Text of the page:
Forty-eight hours after the final whistle blew in Abu Dhabi, Palestine’s Asian Cup hopes are finally dead and buried. There will be no Lazarus type comeback for the team who received a lifeline courtesy of a late, late goal by Tom Rogic against Syria.
All in all, the mission for Palestine was to find a way to win a game at the Asian Cup. They may have avoided defeat on two occasions but Al-Fida’i failed to score a single goal; a feat they accomplished in 2015 when Jaka Ihbeisheh scored a late consolation goal in a 5-1 rout at the hands of Jordan.
Palestine needed two draws in the remaining matches between third and fourth seeds in Group C, D, E, & F- all of whom where on zero points going into the last match day. All four encounters produced winners- sealing Palestine’s fate.
If the 0-0 draw against Jordan was the last match with Noureddine Ould Ali at the helm then it was an appropriate scoreline. The Algerian now shares the record for most draws (7) by any national team manager in Palestine’s history- he shares the record with Jamal Mahmoud but has set the number after 17 matches in charge- half the number of the 34 official encounters Mahmoud had.
In the end, the writing was on the wall- with events set in motion with the Christmas Eve firing of Abdel Nasser Barakat. Julio Baldivieso was quickly dispatched after two games but the decision to return the staff without its leader was an erroneous one.
If Ould Ali could be given credit for anything its the fact that the national team was fit as a fiddle at this tournament- not exhibiting signs of exhaustion after 60 minutes that plagued the more established squads such as Syria.
The negatives outweighed the positives though and his decision to play Musab Al-Battat- Palestine’s best player against Jordan as a centerback against Australia will forever be questioned.
Why exactly he chose to take an injured Daniel Kabir Mustafá to the tournament will be another point of contention. As was the inclusion of other players who visibly unfit- the invisible Pablo Tamburrini and Alexis Norambuena who sowed up to the Qatar camp overweight.
Those names ended up taking up spots that could have been given to younger players or real difference makers.
Captain Abdelatif Bahdari pleaded with Noureddine Ould Ali to bring Al-Jazeera winger Islam Batran to the tournament but to no avail. Batran wasn’t the only attacking name left off the squad for inexplicable reasons.
The loss of Mahmoud Eid, Ahmad Awad, Matias Jadue, Saleh Chihadeh, Islam Batran, and Hilal Mousa ended up being the gain of Khaled Salem- a player who did absolutely nothing in the 120 minutes of play he was given as a substitute.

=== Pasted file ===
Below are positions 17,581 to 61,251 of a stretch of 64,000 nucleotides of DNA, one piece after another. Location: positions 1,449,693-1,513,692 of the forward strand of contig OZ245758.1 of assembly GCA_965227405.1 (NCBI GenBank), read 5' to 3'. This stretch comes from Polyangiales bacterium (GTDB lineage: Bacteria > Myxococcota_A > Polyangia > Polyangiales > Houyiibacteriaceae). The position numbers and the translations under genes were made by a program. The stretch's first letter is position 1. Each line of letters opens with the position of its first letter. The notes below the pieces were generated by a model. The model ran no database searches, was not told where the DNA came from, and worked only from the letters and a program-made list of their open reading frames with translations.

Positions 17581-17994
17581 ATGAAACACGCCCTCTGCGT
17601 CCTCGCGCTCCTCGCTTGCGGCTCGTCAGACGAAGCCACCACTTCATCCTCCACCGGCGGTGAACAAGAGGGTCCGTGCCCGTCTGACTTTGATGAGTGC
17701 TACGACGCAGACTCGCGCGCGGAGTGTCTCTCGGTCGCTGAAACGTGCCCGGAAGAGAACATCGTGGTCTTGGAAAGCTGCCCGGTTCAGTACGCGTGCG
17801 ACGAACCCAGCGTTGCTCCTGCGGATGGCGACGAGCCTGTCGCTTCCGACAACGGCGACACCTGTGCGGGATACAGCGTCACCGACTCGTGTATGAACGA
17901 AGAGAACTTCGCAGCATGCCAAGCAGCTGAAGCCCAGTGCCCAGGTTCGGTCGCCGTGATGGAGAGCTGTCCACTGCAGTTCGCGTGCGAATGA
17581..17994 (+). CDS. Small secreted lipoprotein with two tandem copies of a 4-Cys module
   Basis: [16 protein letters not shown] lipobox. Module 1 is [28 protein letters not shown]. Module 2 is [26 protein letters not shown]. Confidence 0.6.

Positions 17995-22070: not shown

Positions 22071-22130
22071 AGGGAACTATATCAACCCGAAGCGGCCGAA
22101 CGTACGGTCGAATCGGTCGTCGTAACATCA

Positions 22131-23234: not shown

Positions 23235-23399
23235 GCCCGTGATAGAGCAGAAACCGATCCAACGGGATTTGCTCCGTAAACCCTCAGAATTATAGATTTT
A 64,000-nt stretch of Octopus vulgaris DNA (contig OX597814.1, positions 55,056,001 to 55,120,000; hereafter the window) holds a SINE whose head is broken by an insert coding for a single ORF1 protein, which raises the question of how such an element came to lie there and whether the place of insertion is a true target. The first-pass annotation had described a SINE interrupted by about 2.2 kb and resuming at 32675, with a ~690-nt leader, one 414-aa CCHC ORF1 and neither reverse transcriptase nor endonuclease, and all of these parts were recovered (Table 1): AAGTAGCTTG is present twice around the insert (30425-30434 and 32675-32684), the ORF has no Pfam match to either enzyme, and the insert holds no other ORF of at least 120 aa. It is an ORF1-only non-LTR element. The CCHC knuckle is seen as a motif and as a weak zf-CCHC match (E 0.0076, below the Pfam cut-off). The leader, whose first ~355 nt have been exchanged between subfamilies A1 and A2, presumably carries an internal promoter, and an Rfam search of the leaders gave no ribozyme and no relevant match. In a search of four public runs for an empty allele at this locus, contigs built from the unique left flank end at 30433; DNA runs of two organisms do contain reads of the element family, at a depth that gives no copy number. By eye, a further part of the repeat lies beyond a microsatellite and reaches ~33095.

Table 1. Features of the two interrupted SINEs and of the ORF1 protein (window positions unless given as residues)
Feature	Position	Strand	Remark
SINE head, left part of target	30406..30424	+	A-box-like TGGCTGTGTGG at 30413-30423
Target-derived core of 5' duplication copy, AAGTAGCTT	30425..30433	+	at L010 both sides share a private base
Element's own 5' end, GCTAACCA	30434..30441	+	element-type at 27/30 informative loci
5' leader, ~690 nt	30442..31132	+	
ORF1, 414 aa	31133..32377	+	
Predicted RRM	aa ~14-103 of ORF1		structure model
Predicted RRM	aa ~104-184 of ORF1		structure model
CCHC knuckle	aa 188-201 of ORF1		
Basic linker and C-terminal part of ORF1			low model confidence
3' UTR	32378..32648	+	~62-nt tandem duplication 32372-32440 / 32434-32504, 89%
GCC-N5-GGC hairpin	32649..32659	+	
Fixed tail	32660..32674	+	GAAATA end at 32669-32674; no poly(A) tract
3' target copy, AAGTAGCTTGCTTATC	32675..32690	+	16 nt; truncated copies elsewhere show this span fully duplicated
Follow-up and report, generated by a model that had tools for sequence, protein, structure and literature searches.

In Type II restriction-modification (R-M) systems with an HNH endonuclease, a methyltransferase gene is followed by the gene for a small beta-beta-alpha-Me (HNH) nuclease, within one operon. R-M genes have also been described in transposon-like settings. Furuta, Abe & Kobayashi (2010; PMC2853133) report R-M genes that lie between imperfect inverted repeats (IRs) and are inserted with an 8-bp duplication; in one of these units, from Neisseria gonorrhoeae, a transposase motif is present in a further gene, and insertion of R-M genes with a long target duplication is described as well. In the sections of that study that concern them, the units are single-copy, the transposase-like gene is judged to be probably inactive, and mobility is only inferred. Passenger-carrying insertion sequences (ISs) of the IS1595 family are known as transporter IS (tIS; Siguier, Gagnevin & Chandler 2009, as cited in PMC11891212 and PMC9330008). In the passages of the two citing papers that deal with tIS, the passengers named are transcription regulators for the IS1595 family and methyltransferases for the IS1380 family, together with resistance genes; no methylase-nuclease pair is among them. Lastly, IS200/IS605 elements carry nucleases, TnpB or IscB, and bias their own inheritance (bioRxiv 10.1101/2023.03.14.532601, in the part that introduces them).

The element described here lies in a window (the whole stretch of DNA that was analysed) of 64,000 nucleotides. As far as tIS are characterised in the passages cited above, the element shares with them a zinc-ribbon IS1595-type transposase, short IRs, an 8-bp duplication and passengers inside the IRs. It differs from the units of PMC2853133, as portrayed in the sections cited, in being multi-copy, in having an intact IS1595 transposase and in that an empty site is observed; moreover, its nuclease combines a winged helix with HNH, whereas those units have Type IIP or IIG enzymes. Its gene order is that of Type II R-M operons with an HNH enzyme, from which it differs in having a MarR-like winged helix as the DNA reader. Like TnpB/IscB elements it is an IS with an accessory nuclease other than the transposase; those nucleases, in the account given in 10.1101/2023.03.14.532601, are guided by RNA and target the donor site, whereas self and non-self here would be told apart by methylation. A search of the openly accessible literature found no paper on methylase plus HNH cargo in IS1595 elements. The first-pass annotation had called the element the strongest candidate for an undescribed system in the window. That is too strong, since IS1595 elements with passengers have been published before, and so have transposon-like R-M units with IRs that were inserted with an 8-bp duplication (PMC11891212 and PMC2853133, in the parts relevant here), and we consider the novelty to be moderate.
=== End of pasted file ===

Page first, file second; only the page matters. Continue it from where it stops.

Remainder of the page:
During the post match press conference after the Jordan match Ould Ali expressed no regrets as to his decision: “This isn’t a love story; regrets are for love stories not football” the Algerian stated tersely. There was also a verbal confrontation with a BeIN reporter outside the stadium as the visibly upset Ould Ali found it hard to come to terms of Palestine’s probable exit.
The deployment of Alexis Norambuena as a centre midfielder only served to sew seeds of discontent amongst the actual midfielders in the side. After getting completely blasted against Syria, Alexis was back out again in his natural position as Musab Al-Battat became a makeshift centreback. His lack of fitness led to Chris Ikonomidis having the game of his national team career to date. The damage it did to the team on and off the pitch was nearly irreparable.
Al-Battat had not trained as a CB once and he was suddenly starting ahead of an established veteran in Tamer Salah who alongside Daniel Kabir Mustafá, Jaka Ihbeisheh, and the goalkeepers did not even warm up once during the competition.
The Algerian was seen as duplicitous having gone back on several of his promises to players- Amr Kaddoura was told he would be given a debut in the warm up friendlies only for Ould Ali to go back on his word.
When the tough decision was to be made Ould Ali resorted to trying to fit square pegs into round holes in order to avoid confrontation. Yashir Islame was played as a number 10 in the pivotal match against Jordan when he should have been deployed in his natural position, or in a different formation alongside Mahmoud Wadi, or on the bench.
This was despite the fact that a gem of a talent in Nazmi Albadawi had just been recruited with an eye to providing quality service and tempo setting at the position.
Despsite the elimination, there were some positives that could be harnessed for the future. Rami Hamadi and the defence did what was asked of them. Abdelatif Bahdari turned back the clock with a man of the match performance against Syria. His partner, fellow Gazan Mohammed Saleh, will be left to carry the mantle. The young man once known for his gaffes in defence has grown by leaps and bounds in the past 18 months and his move to the Maltese league should only help further that development.
The fullbacks, when given the license to go forward were immense. Musab Al-Battat and Abdallah Jaber learned on the job in Australia but they are now the veterans who will lead the team during the next cycle.
The revelation of the tournament, Mohammed Rashid also showed himself capable of partnering Mohammed Darwish in midfield. He will be a welcome addition to a position that previously lacked depth and should feature regularly going forward.
Al-Fidai’s traveling and expatriated fans were immense as always and having spoken to several national team players their biggest regret was not being able to reward their vociferous support with a goal.
Palestine’s path forward will now begin with the search for a new manager to lead Palestine’s most talented generation as they attempt to advance to the Third Round of 2022 World Cup qualification and push for a better finish to the next four year cycle.